How can the water potential of a plant cell in equilibrium with pure water be zero when the plant cell contains solute? see section 35.1 ( p

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How can the water potential of a plant cell in equilibrium with pure water be zero when the plant cell contains solute? see section 35.1 ( page 729) . how can the water potential of a plant cell in equilibrium with pure water be zero when the plant cell contains solute? see section 35.1 ( page 729) . the plant cell’s cell wall is exerting positive pressure (pressure potential) on the cell, increasing the water potential to zero. the plant cell’s cell wall is exerting negative pressure (pressure potential) on the cell, increasing the water potential to zero. the plant cell’s cell wall is exerting negative pressure (pressure potential) on the cell, decreasing the water potential to zero. the plant cell’s cell wall is exerting positive pressure (pressure potential) on the cell, decreasing the water potential to zero?

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Camellia 3 months 2022-02-13T03:03:59+00:00 1 Answer 0 views 0

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    2022-02-13T03:05:39+00:00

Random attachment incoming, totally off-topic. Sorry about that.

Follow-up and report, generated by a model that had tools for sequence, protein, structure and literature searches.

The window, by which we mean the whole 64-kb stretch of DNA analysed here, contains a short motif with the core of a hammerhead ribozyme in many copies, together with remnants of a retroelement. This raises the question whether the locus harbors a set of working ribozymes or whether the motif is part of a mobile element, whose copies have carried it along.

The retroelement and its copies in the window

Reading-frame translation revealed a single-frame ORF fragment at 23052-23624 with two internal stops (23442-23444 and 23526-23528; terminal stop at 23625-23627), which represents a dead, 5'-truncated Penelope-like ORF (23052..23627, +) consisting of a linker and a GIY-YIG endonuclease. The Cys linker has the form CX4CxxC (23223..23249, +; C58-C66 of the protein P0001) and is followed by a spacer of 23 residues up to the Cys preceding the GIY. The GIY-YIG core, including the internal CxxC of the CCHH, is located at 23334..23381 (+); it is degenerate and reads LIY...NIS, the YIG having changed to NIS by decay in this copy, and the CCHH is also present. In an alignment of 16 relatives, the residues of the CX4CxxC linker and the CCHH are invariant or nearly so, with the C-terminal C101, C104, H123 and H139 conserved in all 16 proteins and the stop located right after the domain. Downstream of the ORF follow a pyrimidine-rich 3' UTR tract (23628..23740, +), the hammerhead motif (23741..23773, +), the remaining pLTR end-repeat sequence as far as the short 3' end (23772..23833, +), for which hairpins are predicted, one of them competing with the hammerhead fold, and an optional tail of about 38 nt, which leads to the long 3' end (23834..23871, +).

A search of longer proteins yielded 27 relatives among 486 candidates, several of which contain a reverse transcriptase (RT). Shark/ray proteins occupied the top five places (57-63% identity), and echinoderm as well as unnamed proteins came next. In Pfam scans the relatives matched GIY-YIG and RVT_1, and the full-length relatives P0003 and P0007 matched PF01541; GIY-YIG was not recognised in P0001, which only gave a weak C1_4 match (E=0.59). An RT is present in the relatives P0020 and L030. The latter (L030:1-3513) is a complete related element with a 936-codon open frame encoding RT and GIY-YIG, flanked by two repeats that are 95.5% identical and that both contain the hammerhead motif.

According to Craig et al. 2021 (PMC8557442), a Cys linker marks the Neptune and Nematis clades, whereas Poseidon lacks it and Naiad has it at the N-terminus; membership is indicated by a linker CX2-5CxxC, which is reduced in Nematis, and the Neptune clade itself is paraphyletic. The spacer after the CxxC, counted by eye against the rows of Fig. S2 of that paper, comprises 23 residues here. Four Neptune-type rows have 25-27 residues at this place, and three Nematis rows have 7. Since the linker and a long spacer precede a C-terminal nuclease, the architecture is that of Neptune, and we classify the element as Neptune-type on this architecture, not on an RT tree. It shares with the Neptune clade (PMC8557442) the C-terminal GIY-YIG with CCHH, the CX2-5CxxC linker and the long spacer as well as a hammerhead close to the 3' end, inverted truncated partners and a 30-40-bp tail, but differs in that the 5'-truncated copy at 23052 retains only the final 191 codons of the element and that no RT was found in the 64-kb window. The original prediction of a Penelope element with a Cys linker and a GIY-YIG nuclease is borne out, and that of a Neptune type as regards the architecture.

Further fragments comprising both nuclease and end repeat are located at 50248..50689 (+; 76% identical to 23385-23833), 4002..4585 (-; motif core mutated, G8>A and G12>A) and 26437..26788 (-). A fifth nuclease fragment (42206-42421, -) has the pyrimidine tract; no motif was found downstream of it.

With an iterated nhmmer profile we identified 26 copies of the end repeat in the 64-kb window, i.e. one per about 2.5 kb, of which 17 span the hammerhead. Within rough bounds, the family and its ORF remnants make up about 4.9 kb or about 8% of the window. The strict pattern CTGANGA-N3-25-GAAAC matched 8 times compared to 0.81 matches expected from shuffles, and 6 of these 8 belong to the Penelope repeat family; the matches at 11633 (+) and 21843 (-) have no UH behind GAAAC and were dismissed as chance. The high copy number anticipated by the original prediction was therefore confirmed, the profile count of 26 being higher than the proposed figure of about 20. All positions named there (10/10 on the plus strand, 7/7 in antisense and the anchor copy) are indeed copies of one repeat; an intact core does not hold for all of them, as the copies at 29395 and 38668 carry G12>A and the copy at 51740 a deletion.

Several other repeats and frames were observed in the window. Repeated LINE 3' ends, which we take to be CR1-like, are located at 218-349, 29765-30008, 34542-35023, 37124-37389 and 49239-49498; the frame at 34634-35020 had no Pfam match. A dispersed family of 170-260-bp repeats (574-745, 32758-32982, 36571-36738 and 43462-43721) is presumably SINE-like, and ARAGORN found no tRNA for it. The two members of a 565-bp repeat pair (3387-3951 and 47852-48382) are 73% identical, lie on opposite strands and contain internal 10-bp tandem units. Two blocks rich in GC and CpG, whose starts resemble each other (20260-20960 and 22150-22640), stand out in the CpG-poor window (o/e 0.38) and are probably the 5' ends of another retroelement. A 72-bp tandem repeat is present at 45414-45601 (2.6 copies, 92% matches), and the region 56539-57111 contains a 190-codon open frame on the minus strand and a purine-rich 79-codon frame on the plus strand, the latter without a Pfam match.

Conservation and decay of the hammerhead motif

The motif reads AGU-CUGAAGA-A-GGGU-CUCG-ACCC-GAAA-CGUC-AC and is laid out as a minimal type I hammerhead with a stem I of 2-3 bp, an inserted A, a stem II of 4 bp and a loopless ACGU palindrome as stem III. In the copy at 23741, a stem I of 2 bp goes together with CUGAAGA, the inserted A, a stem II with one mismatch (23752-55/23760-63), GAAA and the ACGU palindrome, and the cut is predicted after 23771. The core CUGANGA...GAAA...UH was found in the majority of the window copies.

The right answer is A.

    Water potential is a measure of the water craving of a biological or chemical compartment. Indeed any substance in aqueous solution (ion or molecule) exerts on the molecules of water a force of attraction. The more concentrated the solution, the stronger the force of attraction, and the less water molecules have the power to leave it. The water potential noted Ψ therefore represents the potential of the water to leave a given compartment. The higher (less negative) it is in a compartment, the more water tends to leave it. Conversely, water tends to enter compartments with low water potential (very negative).

    Thus in a plant cell the total hydric potential is equal to zero due to a positive force exerted by the cell wall so that the pure water does not enter the interior of the cell.

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